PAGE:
Finding pride and resilience through sharing my HIV status
I thrive when I’m visible, out in front, sharing stories of resilience and resolve, and asking questions. I am comfortable (and content) with my HIV status on display for the world to see. It’s a privileged position, I recognize that, but I won’t apologize for it. In fact, I’ve reached a point in my life where my HIV status is a badge of honour –– I’m resilient because of it, not in spite of it. But it wasn’t always this way.
While I was lucky to be alive, I felt broken and isolated
Like many long-term survivors, I was devastated by my diagnosis (1995). I was scared and ashamed, limping along from medication to medication on government disability supports. While I was lucky to be alive, I felt broken and isolated. I quickly succumbed to the tightly woven layers of stigma that too often accompany an HIV positive diagnosis. This was not the life I had imagined for myself and, at the time, I saw no path back to a fulfilling life.
…my HIV status is a badge of honour –– I’m resilient because of it, not in spite of it.
What I didn’t realize was that the road to restoring myself and overcoming stigma and shame would begin in the community most foreign to me, the HIV community. Thankfully, this community valued my experiences and input as person living with HIV and led me to a position as a peer researcher in a housing and health community-based research (CBR) study. It saved my life.
Inclusion through community-based research
Community-based research takes a novel approach: to evaluate the social and economic factors affecting the lives of people living with HIV. CBR also places a strong focus and high value on including people living with HIV in the work while building our confidence and skills from within the project itself. As a peer researcher I was taught basic research skills, but more importantly, I was supported and encouraged in an environment of social justice.
Overcoming stigma and shame would begin in the community most foreign to me
Sharing lived experience
In time, I came to understand that as peer researcher interviewing other HIV positive people in my community, I was central to the project’s success. I found that people living with HIV regardless of race, ethnicity, gender, culture or any other social construct, are sharing a life experience of profound importance.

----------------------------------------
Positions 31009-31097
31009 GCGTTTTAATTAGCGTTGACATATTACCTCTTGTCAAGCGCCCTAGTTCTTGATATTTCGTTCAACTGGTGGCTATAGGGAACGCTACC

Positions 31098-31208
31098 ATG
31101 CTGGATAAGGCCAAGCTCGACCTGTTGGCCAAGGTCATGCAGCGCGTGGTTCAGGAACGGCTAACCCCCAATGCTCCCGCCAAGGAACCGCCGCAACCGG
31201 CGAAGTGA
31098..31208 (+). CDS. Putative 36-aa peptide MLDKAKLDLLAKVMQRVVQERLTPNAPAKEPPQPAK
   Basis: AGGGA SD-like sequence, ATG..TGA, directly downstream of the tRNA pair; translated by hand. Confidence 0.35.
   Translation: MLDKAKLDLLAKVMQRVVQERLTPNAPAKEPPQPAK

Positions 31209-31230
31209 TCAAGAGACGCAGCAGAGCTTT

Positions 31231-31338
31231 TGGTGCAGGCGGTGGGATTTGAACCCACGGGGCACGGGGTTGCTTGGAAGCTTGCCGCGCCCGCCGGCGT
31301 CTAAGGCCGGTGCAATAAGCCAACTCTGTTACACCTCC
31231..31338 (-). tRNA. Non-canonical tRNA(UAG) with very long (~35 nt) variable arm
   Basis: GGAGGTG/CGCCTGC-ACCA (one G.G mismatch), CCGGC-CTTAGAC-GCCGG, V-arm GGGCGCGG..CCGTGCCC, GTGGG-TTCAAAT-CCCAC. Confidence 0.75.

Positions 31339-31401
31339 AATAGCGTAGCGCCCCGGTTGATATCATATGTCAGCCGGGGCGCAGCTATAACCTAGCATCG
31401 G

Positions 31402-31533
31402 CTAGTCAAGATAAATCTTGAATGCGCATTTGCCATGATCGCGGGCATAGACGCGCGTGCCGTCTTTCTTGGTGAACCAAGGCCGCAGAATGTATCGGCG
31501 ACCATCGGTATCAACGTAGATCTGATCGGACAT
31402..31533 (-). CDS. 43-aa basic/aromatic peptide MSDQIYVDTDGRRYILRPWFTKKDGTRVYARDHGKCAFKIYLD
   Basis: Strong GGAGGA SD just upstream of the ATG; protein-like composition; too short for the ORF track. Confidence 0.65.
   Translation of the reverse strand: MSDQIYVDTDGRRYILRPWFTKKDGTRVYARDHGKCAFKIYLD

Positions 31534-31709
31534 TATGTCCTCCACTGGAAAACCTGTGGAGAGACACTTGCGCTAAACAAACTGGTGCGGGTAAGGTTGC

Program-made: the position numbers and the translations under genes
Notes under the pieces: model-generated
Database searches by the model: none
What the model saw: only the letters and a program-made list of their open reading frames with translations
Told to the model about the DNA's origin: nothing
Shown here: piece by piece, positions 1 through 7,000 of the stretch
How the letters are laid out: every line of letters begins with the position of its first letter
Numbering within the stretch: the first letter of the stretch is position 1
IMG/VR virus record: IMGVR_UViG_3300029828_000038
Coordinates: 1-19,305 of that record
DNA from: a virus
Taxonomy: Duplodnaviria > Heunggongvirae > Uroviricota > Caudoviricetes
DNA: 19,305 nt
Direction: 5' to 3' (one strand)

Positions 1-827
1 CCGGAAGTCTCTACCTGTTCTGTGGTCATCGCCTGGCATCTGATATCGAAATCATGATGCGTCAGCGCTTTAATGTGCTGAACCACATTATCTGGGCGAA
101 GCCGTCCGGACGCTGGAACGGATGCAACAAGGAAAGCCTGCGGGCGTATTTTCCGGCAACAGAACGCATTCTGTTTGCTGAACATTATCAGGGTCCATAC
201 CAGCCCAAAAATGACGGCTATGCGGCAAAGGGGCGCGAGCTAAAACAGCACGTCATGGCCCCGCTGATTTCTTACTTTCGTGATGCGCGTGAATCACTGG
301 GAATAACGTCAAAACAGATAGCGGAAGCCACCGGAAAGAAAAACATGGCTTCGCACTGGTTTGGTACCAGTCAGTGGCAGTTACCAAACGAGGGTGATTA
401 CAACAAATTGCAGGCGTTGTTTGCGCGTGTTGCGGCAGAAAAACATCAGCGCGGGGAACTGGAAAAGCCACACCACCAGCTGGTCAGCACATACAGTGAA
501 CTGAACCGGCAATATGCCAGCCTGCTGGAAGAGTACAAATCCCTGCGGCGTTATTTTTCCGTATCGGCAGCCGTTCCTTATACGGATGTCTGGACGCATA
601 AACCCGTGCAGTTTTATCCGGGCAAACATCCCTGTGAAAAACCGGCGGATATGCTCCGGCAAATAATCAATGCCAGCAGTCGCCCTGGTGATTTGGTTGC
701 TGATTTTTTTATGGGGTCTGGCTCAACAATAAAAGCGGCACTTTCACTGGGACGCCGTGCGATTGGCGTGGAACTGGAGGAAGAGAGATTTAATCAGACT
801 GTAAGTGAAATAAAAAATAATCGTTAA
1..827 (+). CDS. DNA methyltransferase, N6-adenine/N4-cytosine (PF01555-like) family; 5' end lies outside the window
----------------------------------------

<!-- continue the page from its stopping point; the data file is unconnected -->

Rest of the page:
…importantly, I was supported and encouraged in an environment of social justice
As I began to understand that lived experience was (and is) expertise, I was able to leverage my own meaningful engagement to bolster my confidence and advance my career. GIPA/MEPA were not, and are not, a passive activity for me. I grabbed on to them hard and made a decision to take advantage of every opportunity that came my way. Over the life course of the study, those opportunities have included public presentations about the housing study, the important role of the peer researcher, and life as a person living with HIV.
Positive and Proud: no apologies, no spite
This was a decision point. Public disclosure is a very personal choice, and shouldn’t be made lightly. But I decided that the pros heavily outweighed the cons. I needed to face my fears and bring my HIV status out of the muck and mess of internalized stigma and into the arena of public debate.
I needed to face my fears and bring my HIV status out of the muck
This is where I found my voice and explored the power of shared stories to fight stigma. Since then, I and many others who have publicly disclosed their status, are living and thriving out in front. And we’re ready to welcome others who wish to add their voice and story to the chorus either publicly or anonymously.
Share your story
If you feel you are ready and that sharing your story might be helpful in some way to you or others, here on The Positive Effect could be the place for you.